European leaders are pushing for the global rules of taxing of digital giants a top priority of the world’s financial leaders. Some of these digital giants include the companies often referred to as GAFA: Google (Alphabet), Apple, Facebook, and Amazon. This upcoming weekend from February 22nd to the 23rd, many financial ministers alongside central bank governors belonging to the 20 biggest world economies (G20) are expected to come together in Riyadh, Saudi Arabia in order to discuss the issues of the OCED tax rules. European Union members on the G20 and Britain have released a statement claiming that both the issue surrounding taxation within the digital economy and issues involving base erosion and profit shifting need to be addressed. Leaders attending this meeting are hoping to come to an agreement that is both workable and non-discriminatory so that all leaders will be on board to deliver a solution on the global scale.
With many European leaders pushing for this sense of urgency in the need for an agreement on digital taxation, it is important to note that some of these countries out of frustration due to the lack of progress on the subject have enacted a digital tax of their own in the meantime. Their frustration stems from the fact that major digital companies such as Google are able to enjoy annual revenues of great amounts while enjoying effective tax rates in the single digits on their profits made overseas. Some of the European countries to have enacted their own digital tax are Italy, Britain, Spain, and most notable, France. France enacted a 3% digital tax that appeared to be specifically targeting major U.S. digital giants which lead to threats of tariffs from the United States and opened an investigation and the potential discrimination against the U.S. the new French law would bring.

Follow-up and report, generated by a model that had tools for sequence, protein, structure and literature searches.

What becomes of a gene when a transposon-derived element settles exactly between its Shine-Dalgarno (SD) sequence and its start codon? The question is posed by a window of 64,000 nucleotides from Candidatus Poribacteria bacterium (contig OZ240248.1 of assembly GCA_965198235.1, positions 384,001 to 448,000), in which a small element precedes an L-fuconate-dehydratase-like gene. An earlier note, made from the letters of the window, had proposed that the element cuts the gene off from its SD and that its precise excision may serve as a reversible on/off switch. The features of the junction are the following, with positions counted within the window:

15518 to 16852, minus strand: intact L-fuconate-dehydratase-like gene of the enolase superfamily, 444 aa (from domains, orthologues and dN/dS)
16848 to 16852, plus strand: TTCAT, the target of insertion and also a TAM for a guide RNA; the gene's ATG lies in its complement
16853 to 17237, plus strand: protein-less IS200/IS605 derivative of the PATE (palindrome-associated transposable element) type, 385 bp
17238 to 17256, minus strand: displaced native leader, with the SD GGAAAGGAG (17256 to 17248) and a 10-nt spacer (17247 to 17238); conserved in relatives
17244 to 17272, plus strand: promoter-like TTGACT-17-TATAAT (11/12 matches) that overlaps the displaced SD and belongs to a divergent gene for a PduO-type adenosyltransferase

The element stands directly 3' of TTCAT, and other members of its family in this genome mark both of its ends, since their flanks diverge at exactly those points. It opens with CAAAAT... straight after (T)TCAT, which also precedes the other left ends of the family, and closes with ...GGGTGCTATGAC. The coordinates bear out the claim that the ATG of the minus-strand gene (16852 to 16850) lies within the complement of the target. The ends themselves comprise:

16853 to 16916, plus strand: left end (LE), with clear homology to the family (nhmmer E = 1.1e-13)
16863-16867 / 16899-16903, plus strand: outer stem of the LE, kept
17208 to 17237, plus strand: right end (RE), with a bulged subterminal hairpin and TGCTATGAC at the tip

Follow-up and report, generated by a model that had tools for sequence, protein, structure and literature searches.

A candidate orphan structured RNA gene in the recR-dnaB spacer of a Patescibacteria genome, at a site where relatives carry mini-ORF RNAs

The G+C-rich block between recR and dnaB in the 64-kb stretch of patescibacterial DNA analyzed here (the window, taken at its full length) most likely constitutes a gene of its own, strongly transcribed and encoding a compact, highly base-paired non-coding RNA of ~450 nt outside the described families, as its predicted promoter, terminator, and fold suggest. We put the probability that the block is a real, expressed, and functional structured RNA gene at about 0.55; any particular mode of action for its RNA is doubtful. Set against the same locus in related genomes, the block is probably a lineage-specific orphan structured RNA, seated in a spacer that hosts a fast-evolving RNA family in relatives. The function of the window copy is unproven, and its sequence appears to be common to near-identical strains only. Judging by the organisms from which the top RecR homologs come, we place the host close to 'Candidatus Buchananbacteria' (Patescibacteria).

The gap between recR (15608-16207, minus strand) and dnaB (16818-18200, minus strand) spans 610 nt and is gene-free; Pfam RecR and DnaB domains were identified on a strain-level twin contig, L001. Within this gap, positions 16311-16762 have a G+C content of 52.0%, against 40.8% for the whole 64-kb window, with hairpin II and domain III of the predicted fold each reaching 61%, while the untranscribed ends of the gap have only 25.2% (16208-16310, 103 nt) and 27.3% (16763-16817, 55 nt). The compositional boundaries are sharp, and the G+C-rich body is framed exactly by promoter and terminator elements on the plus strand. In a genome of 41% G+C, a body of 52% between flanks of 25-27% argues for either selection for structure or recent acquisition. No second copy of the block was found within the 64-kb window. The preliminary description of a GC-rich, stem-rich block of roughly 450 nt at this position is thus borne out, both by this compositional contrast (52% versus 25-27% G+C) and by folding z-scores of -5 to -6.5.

What may come as a surprise to some people, Facebook’s Mark Zuckerberg is planning in a speech, accepting that these new global tax reforms would mean that his company which is part of GAFA as previously mentioned, would have to begin paying more in taxes in various parts of the world. What will come from this meeting over the weekend is unknown, but the topic surrounding digital taxation and the global necessity has been on many official’s minds over the past couple of years.
Officials are hoping to reach an agreement about the ‘how much’ and ‘where’ digital tax should be and take place by as early as July of this year. If this happens, they then would be able to have in place a full accord by the end of the calendar year in hopes of avoiding further escalation in trade tensions between various countries. As stated in the article, members of the EU have mentioned that if no agreement is reached with all members of the G20, then their 27 members will respond by enacting their own digital tax system. I do think it is also important to point out the article having come from a european source, may not necessaryily see the consequences of this response, however, if it does come to this it will be interesting to see how things play out if the EU goes through with their own digital tax system
After this meeting, it will be interesting to see if any progress has been made, or if as a result tensions worsen between certain countries. One can hope that sooner rather than later, that the G20 members come to an agreement for the sake of trade in order to keep the threat or tariffs or future trade wars at bay.